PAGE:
The murder of Abed Armando Shukhallah was a terrorist attack, charged family members of the chef shot dead by William Hershkovitz at the Leonardo Club hotel in Eilat on Friday.

Hershkovitz, 23, fired four shots at the 33-year-old Shukhallah after a fight broke out between the men following the termination of Hershkovitz’s employment at the hotel.

Hershkovitz, an American who was interning at the hotel as part of a program organized by the Jewish Agency, used the gun of a security guard who arrived to break up the fight.

Security forces, including the IDF’s Counterterrorism Unit, killed the shooter after he fired on them in a siege on the hotel kitchen, where he had been holed up.

The dead man’s family does not accept the police statement that the shooting was a work-related dispute.

“This was a terror attack in every way,” a cousin told Yedioth Ahronoth. “The murderer had said that he hates Arabs and he killed Armando just because he belongs to a minority.”

Shukhallah was from Mi’iliya, an Arab-Christian village in the western Galilee. Over the weekend, thousands of mourners and well-wishers, Arabs and Jews alike, visited the family to pay their respects.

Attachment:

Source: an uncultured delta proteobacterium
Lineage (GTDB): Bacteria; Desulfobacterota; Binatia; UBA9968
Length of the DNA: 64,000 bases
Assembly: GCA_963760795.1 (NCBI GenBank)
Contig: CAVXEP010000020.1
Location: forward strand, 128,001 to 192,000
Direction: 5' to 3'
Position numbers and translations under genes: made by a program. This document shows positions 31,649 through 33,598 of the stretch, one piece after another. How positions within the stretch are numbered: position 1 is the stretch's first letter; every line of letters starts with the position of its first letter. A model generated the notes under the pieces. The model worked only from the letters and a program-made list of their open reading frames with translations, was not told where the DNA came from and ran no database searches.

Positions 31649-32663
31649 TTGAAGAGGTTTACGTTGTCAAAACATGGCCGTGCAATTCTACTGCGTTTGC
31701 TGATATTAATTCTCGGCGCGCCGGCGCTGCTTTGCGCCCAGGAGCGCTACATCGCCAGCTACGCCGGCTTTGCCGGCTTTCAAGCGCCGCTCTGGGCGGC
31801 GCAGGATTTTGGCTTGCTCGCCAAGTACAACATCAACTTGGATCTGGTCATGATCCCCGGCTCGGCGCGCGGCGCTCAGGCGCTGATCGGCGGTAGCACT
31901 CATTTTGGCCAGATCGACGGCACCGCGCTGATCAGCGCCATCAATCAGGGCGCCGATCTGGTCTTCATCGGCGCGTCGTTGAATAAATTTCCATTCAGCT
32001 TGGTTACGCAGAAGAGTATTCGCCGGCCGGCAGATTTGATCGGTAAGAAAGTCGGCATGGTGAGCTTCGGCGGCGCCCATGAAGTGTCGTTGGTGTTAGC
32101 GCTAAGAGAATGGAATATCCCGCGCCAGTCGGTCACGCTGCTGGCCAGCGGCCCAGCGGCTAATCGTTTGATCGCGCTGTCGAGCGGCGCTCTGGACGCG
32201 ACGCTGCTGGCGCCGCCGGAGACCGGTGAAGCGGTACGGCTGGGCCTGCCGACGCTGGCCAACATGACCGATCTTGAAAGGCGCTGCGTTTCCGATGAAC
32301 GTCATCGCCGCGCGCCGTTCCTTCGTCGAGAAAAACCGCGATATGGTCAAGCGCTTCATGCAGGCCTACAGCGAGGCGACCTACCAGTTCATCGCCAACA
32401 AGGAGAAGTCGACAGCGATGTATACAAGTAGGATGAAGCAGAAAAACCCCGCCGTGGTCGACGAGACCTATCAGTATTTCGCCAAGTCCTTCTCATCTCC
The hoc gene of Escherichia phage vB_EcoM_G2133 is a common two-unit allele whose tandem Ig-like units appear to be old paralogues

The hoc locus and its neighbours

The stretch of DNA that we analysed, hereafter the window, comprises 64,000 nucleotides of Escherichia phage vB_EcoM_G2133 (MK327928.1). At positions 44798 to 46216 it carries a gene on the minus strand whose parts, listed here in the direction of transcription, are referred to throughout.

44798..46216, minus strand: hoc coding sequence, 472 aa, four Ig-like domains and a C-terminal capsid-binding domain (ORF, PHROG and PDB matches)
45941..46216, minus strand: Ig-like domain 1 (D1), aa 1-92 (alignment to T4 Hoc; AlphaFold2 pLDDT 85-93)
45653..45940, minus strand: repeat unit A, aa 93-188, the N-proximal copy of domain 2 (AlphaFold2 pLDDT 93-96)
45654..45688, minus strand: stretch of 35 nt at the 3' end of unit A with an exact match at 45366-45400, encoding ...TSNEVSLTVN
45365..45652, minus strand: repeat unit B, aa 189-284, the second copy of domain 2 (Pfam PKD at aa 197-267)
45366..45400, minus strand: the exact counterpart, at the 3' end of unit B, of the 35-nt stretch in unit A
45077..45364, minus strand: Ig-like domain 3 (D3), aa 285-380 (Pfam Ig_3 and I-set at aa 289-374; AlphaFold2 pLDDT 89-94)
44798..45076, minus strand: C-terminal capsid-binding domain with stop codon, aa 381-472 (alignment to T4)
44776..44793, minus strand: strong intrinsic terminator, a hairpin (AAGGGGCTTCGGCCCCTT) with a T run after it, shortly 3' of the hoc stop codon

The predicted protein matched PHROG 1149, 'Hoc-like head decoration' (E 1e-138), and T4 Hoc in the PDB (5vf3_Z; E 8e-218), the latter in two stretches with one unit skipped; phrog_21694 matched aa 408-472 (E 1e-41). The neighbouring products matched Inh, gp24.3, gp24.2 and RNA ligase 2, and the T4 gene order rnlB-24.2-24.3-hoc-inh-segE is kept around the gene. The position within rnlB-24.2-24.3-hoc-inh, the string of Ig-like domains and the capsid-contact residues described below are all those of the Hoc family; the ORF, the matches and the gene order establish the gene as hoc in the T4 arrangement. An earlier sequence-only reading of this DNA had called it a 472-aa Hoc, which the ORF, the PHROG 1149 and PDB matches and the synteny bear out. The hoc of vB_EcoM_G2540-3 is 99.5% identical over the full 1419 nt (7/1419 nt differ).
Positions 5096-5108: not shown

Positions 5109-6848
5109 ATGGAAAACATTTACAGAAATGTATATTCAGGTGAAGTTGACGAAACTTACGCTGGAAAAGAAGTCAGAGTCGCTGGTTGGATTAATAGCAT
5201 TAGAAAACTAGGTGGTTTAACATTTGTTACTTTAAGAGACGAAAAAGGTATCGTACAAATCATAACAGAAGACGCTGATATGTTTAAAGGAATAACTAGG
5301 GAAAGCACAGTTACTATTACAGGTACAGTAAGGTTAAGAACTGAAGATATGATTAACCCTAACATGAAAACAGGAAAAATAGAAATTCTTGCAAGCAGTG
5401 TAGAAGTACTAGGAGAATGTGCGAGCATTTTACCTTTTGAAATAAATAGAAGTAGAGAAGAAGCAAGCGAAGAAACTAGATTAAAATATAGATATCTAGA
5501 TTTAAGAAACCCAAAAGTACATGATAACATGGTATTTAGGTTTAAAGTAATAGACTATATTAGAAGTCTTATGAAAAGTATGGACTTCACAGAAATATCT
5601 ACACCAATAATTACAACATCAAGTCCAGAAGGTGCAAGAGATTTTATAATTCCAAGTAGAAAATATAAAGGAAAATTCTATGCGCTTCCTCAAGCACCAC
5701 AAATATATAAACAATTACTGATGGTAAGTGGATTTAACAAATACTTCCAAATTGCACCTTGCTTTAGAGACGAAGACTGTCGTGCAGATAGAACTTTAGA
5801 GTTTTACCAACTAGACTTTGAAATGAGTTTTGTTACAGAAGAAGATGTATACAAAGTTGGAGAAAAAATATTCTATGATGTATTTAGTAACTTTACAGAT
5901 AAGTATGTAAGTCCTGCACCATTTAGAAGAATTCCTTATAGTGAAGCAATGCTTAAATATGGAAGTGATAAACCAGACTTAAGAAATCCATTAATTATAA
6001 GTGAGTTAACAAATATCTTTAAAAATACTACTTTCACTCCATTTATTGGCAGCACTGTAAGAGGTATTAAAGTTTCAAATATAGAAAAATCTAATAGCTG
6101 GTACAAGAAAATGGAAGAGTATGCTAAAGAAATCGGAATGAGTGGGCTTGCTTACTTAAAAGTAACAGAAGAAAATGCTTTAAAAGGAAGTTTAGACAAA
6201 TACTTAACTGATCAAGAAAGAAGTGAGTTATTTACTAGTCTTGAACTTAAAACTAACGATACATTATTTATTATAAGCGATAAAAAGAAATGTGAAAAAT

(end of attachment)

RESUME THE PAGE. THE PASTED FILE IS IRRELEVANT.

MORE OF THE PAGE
After finishing high school, Shukhallah studied in Canada to be a chef. When he returned to Israel, he moved to Eilat to work in a hotel. A few years ago he moved back to Mi’iliya to open a coffee house, but he returned to Eilat last year when he was offered the position of assistant chef at the Leonardo Club.

American citizen William Hershkovitz, who shot a coworker in Eilat on Friday. (photo credit: Image capture from Channel 10)

American citizen William Hershkovitz, who shot a coworker in Eilat on Friday. (photo credit: Image capture from Channel 10)

Hershkovitz arrived in Israel about two months ago as part of a work and study program sponsored by the Israeli government and the Jewish Agency. Earlier in the week he was fired by the Leonardo Club and was due to be re-assigned to another job by the program.

Program co-participants had complained in the past about his violent tendencies and threats to other participants.

One person, speaking on the condition of anonymity, said Hershkovitz made statements “against Arabs, or Nazis, or terrorist type movements.”